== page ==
I take her hand and we dance on a Saturday. I joke with her and I tickle her. I play with her and I tease her. I help her with her homework and I say I’m proud of her great work. I have fun with her and walk her to the bus stop. I hang out with her and watch Harry Potter with her. I lie watching music videos with her and write silly stuff to her on Facebook. Sometimes we talk about Madiba or God and space-time limitations. Or science and mathematics. Geography or food. Even a little bit of serious stuff like politics and rights. And then I talk to her about crazy silly things and give her my books to read. I pull her finger and burp as loud as I can. I go mess up her bed and chase her around. I just do the things a crazy silly stupid dad is meant to do. Because she is my girl. My oldest girl. My big angel. And I’m just her dad. That’s all I want to be. The cool guy who loves her more than life.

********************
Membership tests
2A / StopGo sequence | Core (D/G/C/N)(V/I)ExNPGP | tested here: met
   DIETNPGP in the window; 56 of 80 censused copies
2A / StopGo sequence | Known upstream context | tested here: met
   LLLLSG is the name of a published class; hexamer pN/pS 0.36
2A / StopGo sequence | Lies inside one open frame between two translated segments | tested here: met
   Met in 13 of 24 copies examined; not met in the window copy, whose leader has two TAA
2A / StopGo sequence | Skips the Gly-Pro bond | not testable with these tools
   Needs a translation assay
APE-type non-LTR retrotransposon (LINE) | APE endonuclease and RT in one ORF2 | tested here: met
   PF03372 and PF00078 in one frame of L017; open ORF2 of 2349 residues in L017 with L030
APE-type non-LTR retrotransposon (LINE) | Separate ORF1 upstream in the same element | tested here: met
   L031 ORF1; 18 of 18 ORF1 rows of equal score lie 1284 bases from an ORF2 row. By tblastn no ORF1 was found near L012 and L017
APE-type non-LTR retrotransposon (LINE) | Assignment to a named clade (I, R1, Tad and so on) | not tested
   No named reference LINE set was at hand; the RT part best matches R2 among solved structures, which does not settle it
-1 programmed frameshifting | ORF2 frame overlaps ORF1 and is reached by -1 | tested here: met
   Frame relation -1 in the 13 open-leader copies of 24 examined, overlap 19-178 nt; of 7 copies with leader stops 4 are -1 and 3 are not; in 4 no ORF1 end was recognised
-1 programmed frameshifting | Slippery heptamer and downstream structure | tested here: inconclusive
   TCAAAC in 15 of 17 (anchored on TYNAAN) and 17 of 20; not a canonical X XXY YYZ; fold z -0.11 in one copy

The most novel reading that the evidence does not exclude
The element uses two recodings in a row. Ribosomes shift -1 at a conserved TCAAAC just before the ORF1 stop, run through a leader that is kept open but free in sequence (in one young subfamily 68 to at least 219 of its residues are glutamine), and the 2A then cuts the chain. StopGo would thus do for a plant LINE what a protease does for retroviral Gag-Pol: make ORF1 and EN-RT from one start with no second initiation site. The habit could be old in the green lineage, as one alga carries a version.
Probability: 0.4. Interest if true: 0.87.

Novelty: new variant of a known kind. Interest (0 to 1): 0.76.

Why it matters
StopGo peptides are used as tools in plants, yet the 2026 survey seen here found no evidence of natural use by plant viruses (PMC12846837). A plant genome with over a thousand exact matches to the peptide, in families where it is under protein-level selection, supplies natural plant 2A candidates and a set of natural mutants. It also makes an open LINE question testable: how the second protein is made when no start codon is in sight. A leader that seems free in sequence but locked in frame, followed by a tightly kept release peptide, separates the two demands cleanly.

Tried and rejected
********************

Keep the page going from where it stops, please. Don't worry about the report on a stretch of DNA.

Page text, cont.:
She is my Ubuntu. I am because we are.

So I don’t tell her. But I know. I know we have to fix this world to make it ready for her. She deserves nothing less. She is perfect. She needs a perfect world.

We’ve got work to do. My big angel is coming and I’ve got a world to clean and get ready…

I have two girls. Two beautiful girls. A little princess. And a slightly bigger angel. My girls. My life.

My girls they love to dance. Ballet. Jazz. Hip Hop. Tap. Crazy. You name the style and they have it. Just a shame their dad was born with two left feet…

I have the dancing ability of the Elephant Man. Some say it is cute. And then laugh when they can’t keep a straight face. Others just burst into laughter straight away. But it hasn’t stopped us from dancing our life away. It hasn’t stopped us from having our music moments. Let me tell you a bit about those moments…